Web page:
The Legacy of Paul VI

The controversial Pope Saint Paul VI is commemorated on May 29th, the day of his ordination to the priesthood in 1920 – this marking the hundredth anniversary. He was the second-last Italian Pope, a run of pontiffs from the nation that had last 455 years, which may seem odd for a Church that claims universality. But such are the ways of providence, and after the brief 33-day reign of John Paul I, Pope Saint John Paul II began what seems to be a run of non-Italians – even though Francis – Jorge Bergoglio – is an Italian by blood.

Paul VI, like almost the Popes before him in the modern era, was of the ‘nobility’, and destined for some high office or other in the Church, trained in diplomacy and, as they say, Romanitas. We may wonder at some of his decisions in striving to maintain peace, and evangelize an ever-more secular world. His decision to continue the Council called by Pope – also saint – John XXIII was momentous, but more so was his reform of the ancient liturgy, especially the Holy Mass, giving Annibale Cardinal Bugnini a lot of free reign to construct the Novus Ordo, promulgated in its editio typica Latin version in 1969 – one almost never said – and the English and other vernaculars beginning in 1974 – always said, and often not with what reverence one might expect from the most sacred of sacrifices.

As his addresses of that fateful year of 1969 attest, Paul VI had high and optimistic hopes for the ‘new Mass’ – more strictly, the new use (usus) of celebrating Mass – and his decrees more or less forbade the celebration of the usus antiquior, as decreed by the Council of Trent (even if that use was never legally proscribed, and, Deo gratias, is now permitted universally by Pope Benedict’s 2007 Apostolic Letter Summorum Pontificum). hopes that seem to have hit the hard wall of reality. Lex orandi, lex credendi, lex agendi – the law of praying is the law of believing is the law of acting. Or we act and believe as we pray. One has to wonder about Paul VI, who seems to have been a good and pious man, dedicated to his religion, who loved the Mass and beauty and liturgy, and especially to the Blessed Mother, on whom he wrote three letters. How much did he see what was going on around him, and the liturgical and moral chaos that was a hallmark of the seventies?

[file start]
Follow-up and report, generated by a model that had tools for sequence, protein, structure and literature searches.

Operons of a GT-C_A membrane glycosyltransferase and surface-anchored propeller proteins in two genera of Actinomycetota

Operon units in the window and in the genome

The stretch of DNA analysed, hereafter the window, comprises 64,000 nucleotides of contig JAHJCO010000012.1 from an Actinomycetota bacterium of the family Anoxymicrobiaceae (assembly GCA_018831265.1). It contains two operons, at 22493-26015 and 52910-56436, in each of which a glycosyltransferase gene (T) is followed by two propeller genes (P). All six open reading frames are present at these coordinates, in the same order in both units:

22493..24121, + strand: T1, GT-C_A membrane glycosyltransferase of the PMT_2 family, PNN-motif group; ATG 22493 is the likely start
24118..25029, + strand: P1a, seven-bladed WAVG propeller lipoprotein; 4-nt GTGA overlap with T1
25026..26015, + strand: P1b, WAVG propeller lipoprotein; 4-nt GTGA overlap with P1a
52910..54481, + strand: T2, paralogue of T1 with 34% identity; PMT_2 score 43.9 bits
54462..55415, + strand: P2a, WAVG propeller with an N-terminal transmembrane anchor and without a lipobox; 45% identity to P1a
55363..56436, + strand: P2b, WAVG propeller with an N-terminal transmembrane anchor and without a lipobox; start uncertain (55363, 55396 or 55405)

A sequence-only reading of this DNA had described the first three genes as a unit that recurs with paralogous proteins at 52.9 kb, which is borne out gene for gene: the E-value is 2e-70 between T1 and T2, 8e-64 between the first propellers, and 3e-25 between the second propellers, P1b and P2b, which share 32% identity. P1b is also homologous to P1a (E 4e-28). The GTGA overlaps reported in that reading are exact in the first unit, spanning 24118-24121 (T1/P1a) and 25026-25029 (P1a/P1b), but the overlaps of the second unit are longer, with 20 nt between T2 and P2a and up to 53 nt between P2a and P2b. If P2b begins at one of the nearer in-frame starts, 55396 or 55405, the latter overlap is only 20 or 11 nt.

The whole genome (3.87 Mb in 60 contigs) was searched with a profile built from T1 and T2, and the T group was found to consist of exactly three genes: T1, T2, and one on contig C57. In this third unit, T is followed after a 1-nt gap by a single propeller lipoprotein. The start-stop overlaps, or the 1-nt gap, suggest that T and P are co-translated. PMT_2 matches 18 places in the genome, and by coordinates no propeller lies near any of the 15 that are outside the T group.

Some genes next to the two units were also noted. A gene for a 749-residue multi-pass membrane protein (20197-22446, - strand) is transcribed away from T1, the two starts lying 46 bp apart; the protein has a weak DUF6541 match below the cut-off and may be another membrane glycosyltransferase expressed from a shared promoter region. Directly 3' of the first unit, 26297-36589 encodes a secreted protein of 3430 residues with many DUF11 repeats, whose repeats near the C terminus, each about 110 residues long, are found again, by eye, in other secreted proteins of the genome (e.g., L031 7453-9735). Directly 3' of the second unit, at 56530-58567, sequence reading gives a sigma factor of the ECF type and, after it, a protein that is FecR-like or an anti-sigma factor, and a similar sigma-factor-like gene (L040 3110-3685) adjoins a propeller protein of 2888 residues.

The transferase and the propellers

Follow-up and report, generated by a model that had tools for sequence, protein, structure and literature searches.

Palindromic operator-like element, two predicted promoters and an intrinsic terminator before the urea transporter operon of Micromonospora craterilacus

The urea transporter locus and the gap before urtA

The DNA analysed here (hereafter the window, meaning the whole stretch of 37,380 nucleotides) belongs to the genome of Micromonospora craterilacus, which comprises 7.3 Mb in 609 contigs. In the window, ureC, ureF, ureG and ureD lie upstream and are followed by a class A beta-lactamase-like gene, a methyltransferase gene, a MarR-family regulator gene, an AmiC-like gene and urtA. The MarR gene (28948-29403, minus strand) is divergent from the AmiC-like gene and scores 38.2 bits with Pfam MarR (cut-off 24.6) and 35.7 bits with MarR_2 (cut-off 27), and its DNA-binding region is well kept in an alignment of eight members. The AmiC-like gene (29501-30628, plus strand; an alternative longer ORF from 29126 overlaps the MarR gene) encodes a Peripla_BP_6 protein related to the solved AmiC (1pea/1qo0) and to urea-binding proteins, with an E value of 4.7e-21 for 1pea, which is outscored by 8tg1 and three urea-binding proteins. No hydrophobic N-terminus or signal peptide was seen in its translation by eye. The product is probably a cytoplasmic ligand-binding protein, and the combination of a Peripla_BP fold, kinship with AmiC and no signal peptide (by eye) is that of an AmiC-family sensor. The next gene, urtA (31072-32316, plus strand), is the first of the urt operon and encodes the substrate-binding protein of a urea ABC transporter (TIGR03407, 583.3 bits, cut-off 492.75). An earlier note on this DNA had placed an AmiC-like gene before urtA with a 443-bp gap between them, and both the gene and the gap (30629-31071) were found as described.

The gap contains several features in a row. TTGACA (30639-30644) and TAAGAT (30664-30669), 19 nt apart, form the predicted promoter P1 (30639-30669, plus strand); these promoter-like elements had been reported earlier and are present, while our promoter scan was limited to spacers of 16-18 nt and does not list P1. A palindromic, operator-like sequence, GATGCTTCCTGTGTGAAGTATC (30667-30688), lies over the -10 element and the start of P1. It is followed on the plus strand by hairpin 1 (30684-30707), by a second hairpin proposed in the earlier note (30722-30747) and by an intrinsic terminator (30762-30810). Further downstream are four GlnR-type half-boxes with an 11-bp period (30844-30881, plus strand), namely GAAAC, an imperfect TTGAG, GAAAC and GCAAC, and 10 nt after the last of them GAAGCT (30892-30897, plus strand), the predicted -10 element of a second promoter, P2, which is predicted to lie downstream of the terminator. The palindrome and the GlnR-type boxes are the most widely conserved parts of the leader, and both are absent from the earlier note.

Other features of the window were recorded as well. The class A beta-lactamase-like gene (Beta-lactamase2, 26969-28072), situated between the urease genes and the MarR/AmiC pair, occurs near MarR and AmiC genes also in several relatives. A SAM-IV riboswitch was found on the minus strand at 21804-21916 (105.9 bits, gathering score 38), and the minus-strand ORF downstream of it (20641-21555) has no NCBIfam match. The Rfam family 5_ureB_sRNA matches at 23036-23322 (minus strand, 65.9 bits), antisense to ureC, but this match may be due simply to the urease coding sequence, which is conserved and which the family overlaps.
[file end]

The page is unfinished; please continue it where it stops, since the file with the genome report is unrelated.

He seems to have seen something of this, for the last encyclical he wrote, after much prayer and reflection – some say dithering and hesitancy – on the feast of Saint James the greater, July 25th, 1968, was one of the most prophetic of the 20th century, dividing the Church ever since: Humane Vitae, which taught the beauty, integrity and harmony of the marital union, that there was a nexus indissolubilis, an indissoluble bond, between the unitive and procreative significations of this most intimate of human acts. To try to divide this union by any means – that is, any sort of ‘contraceptive’ act – was gravely sinful, and would lead to all sorts of deleterious consequences, which we now all around us.

The world by and large rejected Paul VI’s message, and perhaps it was because of the barrage of unrelenting criticism that he did not write another encyclical, although he reigned for a full decade more, before his death, broken and worn out, on August 6th, the feast of the Transfiguration, 1978. Maybe he thought that Humanae Vitae said what he had to say, and that its teaching was really the linchpin that held everything else together. As marriage and family go, so go society: To hell, or to heaven.

The Church canonizes her members not because they are perfect, or because they make all the right decisions, but because, in the end, they held to the truth, suffered for its sake, and witnessed thereto. Could Paul VI have done more, or done things differently? Yes, and we could say the same for all the saints – and the saints would say it even more of themselves. Who knows? Maybe it was his intercession that helped get the usus antiquior back into our churches, and we may pray that we return ever-more to liturgical and moral sanity – for you can’t have one, without the other.